To be fair, the Bears did invest in the position during the 2020 draft when they spent a fifth-round pick on Tulane's Darnell Mooney. Considering that Ridley was a fourth-rounder in 2019, the investment is pretty even and the competition between the two will be fierce. And don't forget about Javon Wims, either. In fact, Wims is a more direct threat to Ridley's ability to see the field because of their similar profiles. Mooney, meanwhile, is a burner who might take a little longer to adjust to the physicality of the NFL game.

Still, the point about Ridley's possible jump from rookie-season afterthought to legitimate weapon in 2020 is real. He didn't provide enough of an on-field sample last year to feel overly confident it will happen, but wide receivers often take a bit longer to settle into the kind of pro they'll be long-term.

Anthony Miller will begin the season as the expected WR2 alongside Robinson, but much like Ridley, he hasn't done much through the first two years of his career to suggest his success is a guarantee. And if he fails, it'll be Ridley who has the best chance to fill in as a well-rounded complement to A-Rob.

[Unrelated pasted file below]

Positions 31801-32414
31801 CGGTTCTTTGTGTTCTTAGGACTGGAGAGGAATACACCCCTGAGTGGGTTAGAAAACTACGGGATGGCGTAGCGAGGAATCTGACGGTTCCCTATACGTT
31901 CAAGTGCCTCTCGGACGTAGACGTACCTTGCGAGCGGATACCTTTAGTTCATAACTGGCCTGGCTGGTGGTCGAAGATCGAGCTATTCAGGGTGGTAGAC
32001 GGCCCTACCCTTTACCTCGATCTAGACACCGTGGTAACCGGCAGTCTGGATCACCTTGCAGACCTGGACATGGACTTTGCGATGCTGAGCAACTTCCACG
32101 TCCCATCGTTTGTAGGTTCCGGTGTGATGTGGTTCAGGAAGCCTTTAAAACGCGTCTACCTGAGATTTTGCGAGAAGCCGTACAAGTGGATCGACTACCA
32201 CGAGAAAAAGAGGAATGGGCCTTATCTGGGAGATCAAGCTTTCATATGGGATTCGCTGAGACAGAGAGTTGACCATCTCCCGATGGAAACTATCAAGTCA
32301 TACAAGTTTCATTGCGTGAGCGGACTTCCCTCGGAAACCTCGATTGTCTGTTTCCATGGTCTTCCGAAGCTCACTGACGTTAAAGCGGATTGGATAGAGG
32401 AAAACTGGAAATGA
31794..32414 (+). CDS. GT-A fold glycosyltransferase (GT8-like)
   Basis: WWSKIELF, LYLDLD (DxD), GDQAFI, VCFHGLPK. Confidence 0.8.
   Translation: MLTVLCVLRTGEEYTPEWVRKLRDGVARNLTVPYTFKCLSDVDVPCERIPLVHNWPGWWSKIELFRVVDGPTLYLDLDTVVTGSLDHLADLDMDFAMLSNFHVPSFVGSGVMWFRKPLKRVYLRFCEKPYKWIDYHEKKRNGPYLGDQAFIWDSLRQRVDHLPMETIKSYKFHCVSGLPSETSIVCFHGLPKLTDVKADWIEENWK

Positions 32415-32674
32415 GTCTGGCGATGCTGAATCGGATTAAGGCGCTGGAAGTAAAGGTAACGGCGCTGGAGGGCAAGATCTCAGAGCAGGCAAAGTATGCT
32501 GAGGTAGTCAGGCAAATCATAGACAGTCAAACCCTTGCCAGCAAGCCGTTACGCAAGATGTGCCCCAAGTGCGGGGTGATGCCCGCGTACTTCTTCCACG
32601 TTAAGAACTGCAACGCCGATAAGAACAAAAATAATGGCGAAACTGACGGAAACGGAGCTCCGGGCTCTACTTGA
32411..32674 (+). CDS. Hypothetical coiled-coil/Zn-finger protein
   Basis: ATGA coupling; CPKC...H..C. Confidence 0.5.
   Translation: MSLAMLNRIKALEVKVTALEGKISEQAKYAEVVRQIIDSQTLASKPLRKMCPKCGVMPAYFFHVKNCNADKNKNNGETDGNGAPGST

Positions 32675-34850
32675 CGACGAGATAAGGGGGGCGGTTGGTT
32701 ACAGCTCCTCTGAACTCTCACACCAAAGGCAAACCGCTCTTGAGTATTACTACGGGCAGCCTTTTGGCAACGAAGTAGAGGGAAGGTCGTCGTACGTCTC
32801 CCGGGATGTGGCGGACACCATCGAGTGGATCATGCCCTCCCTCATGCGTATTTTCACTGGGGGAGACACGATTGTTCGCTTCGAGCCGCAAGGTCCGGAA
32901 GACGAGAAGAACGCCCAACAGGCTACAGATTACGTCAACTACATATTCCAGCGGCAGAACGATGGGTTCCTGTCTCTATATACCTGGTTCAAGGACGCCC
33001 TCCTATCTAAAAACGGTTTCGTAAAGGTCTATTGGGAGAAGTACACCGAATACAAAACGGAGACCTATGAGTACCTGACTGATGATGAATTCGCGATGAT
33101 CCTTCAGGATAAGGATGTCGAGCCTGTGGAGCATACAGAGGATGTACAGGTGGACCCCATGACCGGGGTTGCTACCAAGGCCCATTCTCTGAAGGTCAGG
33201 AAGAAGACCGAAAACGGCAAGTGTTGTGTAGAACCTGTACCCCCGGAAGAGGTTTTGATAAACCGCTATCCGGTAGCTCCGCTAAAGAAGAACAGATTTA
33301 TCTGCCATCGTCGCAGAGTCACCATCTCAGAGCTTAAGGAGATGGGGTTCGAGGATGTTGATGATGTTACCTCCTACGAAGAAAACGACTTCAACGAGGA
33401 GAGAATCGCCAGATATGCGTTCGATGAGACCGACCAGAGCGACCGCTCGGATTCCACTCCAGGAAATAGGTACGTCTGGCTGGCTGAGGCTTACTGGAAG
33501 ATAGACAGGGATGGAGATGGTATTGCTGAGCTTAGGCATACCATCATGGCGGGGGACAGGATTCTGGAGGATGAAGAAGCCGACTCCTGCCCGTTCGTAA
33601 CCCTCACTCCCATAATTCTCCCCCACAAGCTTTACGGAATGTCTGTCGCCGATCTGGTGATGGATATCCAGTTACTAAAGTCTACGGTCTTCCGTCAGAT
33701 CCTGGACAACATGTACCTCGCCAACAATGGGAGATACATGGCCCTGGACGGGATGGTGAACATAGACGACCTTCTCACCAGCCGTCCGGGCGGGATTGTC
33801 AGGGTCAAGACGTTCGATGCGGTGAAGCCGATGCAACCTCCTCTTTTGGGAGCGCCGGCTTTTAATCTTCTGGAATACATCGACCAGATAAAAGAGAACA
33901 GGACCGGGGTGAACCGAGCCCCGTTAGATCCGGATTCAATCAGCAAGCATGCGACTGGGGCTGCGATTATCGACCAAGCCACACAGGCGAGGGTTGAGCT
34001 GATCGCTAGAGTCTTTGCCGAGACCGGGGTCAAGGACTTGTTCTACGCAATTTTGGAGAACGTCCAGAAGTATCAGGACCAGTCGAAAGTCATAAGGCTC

Why Nick Foles, not Mitch Trubisky, will win Bears' quarterback competition

Why Nick Foles, not Mitch Trubisky, will win Bears' quarterback competition

Nick Foles will be the Bears’ Week 1 starting quarterback because of one simple reason.

He has less to do to win the job than Mitch Trubisky does.

Foles does not have to overcome three years of inconsistent tape. Foles does not need to show he’s a different quarterback than he’s been in the past. All Foles needs to prove is competence and he’ll win the job.

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Trubisky has to prove not only competence, but that whatever competence he shows in training camp practices isn’t a mirage ready to disappear when the snaps actually matter.

This is going to be a weird, unprecedented (and, probably, irresponsible!) training camp amid a dangerous, deadly pandemic still raging in the United States. The NFL and NFLPA still haven’t agreed on the number of preseason games that’ll be played – the NFL wants two, the NFLPA wants zero (there should be zero, by the way). Players are scheduled to report to Halas Hall July 28; with so much still unresolved between the NFL and NFLPA, it wouldn’t be surprising to see that date get pushed back – perhaps truncating training camp.